Set amongst native bush up in the hills, this is a fantastic sight for relaxing in the natural spring waters, hiking through native bush, and bird-spotting Tuis and other native birds.
It's a fantastic place, for both winter and summer. The hot pools may be too much in the summer, but they're still owrth a go. If you're too hot, there's a cold water pool as well as a BBQ and picnic tables. You can also hire private hot pools if you want to relax on your own.
I highly recommend this!
I love this beach, my Aunt used to own a beach house here and every Christmas Day we'd have BBQ dinner.
But you don't want to know about that, sorry I digress ....
This beach is about a 15-20 minute drive out of Gisborne, it's lovely. Up one end there is great surfing, but I'm not a surfer so I would go there for the beach itself. At the opposite end of the surfer's beach is a little lagoon with still water for swimming. There are also rocks, so when it is low tide, you can head out and explore what the sea has left behind!
I always loved to park my car and walk along the beach with my feet in the surf.
I did this the last time I was home so that I could make jewellry out of the shells.
Kaitia Beach is yet another beautiful beach in Gizzy, however, it's not the most beautiful one. It's very rocky, so diving might be an option, though I personally don't know anything about that. However, at low tide you can head out onto the rocks and see what creatures are left in the rock pools. I really love going and checking out the sea creatures!
The beach also has loads of Paua shell, the gorgeous abalone used in jewelry.
Gives a good view of Young Nick's Head as well.
This is a little outside of the city. It is a natural water slide made out of rock with a splash-down pool at the bottom. It's a fouvrite kids activity - though the odd adult has given it a try! Everyone takes their own boogie boards or the inside of tyres blown up, so that they can whizz down without getting bruised on the rocks!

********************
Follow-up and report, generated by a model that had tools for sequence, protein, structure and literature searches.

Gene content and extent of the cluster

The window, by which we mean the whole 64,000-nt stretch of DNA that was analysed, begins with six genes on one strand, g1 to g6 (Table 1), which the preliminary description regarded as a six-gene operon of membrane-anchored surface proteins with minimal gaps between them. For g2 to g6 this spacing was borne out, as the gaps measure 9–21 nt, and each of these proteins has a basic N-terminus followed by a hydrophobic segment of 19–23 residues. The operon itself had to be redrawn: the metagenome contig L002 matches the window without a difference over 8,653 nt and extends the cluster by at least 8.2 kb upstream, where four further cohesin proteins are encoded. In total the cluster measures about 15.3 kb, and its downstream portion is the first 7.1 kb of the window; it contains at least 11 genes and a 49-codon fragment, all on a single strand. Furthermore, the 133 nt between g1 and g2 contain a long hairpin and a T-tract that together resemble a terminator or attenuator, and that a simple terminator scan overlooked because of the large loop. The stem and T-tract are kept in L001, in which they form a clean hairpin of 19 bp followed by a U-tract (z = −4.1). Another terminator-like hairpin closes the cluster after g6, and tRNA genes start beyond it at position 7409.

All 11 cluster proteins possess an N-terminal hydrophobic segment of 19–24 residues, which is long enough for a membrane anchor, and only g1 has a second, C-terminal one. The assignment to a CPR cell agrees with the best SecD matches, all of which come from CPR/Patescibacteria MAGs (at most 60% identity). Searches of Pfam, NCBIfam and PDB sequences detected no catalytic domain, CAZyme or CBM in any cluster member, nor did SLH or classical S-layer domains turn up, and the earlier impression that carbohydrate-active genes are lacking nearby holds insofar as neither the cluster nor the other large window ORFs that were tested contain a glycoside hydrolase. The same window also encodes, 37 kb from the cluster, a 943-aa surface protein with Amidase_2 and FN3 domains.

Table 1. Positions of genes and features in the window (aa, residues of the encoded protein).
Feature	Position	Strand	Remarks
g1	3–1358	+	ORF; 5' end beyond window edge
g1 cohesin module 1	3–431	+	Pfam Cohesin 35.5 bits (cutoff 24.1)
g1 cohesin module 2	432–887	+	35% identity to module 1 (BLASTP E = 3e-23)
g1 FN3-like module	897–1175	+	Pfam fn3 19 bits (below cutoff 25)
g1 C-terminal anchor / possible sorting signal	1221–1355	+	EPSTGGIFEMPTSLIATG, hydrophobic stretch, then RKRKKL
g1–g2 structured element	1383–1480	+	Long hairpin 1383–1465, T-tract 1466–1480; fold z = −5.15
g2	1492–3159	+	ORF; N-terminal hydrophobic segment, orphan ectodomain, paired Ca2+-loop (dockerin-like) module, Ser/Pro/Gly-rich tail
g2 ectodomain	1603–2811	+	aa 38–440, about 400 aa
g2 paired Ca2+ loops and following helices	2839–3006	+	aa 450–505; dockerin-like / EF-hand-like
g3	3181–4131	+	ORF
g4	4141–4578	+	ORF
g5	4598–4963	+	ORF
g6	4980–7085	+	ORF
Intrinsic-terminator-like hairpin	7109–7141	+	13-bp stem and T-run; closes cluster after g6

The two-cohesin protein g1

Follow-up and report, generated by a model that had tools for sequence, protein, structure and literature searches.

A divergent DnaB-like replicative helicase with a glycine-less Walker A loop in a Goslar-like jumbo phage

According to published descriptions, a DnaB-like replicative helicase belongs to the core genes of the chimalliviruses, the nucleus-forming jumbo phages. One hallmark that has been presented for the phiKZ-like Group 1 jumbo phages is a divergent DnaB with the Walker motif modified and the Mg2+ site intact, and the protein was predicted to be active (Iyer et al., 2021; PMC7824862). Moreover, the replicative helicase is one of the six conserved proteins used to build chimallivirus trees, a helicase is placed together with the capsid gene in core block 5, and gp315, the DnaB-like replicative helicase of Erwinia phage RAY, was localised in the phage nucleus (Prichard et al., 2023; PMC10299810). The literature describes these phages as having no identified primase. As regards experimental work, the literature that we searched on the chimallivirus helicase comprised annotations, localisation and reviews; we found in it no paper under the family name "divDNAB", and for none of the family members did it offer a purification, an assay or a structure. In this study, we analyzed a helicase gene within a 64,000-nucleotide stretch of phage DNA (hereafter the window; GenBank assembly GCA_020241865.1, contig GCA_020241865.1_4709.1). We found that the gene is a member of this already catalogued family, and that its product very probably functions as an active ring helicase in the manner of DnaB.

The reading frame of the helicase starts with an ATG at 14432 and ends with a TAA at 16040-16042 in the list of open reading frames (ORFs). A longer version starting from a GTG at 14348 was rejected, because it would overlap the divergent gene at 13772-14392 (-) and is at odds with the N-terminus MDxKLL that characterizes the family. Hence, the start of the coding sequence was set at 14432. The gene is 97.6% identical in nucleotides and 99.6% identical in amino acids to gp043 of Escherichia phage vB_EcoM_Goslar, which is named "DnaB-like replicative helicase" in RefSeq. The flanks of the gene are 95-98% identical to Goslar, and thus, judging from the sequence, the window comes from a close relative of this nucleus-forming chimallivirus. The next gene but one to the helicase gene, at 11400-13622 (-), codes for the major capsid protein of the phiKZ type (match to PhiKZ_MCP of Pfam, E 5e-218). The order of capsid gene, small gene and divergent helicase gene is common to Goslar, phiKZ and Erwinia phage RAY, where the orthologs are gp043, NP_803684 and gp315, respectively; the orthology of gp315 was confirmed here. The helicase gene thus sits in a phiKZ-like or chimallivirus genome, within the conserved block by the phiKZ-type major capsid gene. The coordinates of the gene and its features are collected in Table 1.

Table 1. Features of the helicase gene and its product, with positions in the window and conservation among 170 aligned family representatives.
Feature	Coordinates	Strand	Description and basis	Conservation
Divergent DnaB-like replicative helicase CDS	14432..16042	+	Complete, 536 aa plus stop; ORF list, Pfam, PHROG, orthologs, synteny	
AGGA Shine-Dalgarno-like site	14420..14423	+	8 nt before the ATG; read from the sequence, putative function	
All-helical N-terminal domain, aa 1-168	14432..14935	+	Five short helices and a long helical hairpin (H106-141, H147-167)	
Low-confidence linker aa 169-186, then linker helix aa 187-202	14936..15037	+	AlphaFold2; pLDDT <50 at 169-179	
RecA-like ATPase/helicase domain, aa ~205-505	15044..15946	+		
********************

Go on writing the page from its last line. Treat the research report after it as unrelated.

There is a picnic ground as well, with port-a-loos (not the greatest in convenience) and is a really fun thing to do
This boasts being the sole surviving WA165 Class locomotive in New Zealand. It's been fully restored, and over Labour weekend (long holiday weekend) it takes a scenic route up the East Coast of New Zealand, passing through Gisborne.
I've never been on it myself, but it is meant to be fantastic, steeped in history and beautiful scenery.
Tickets are $20 adult.
This is a lovely reserve outside of Gisborne of native trees and rare species of plants. It's a lovely place ot have a picnic, there are loads of walkign trails, a lovely little cafe, and native birds.
It's a wonderful seasonal garden. I loved going there in spring as the ground would be alive with daffodils.
Gisborne's prominent landmark is Kaiti Hill, which offers great views out over Gisborne and to Young Nick's Head, another prominent Gizzy Landmark. See my Tip on Young Nicks for more info.
You can either drive up the hill, but there are also walking and cycling trails. At the top there is also a statue of Captain Cook (though it's not actually a staue of him). A childrens playground.
Here's what Wikipedia has to say about Kaiti Hill: "Kaiti Hill is an ancestral site of the Ngati Oneone hapu (sub-tribe) in Gisborne, New Zealand. It is at the base of this hill that Captain James Cook came ashore, after first sighting New Zealand in October 1769. At the base of the hill is the marae Te Poho-o-Rawiri, the home of Ngati Oneone, which was built by Rawiri Te Kani"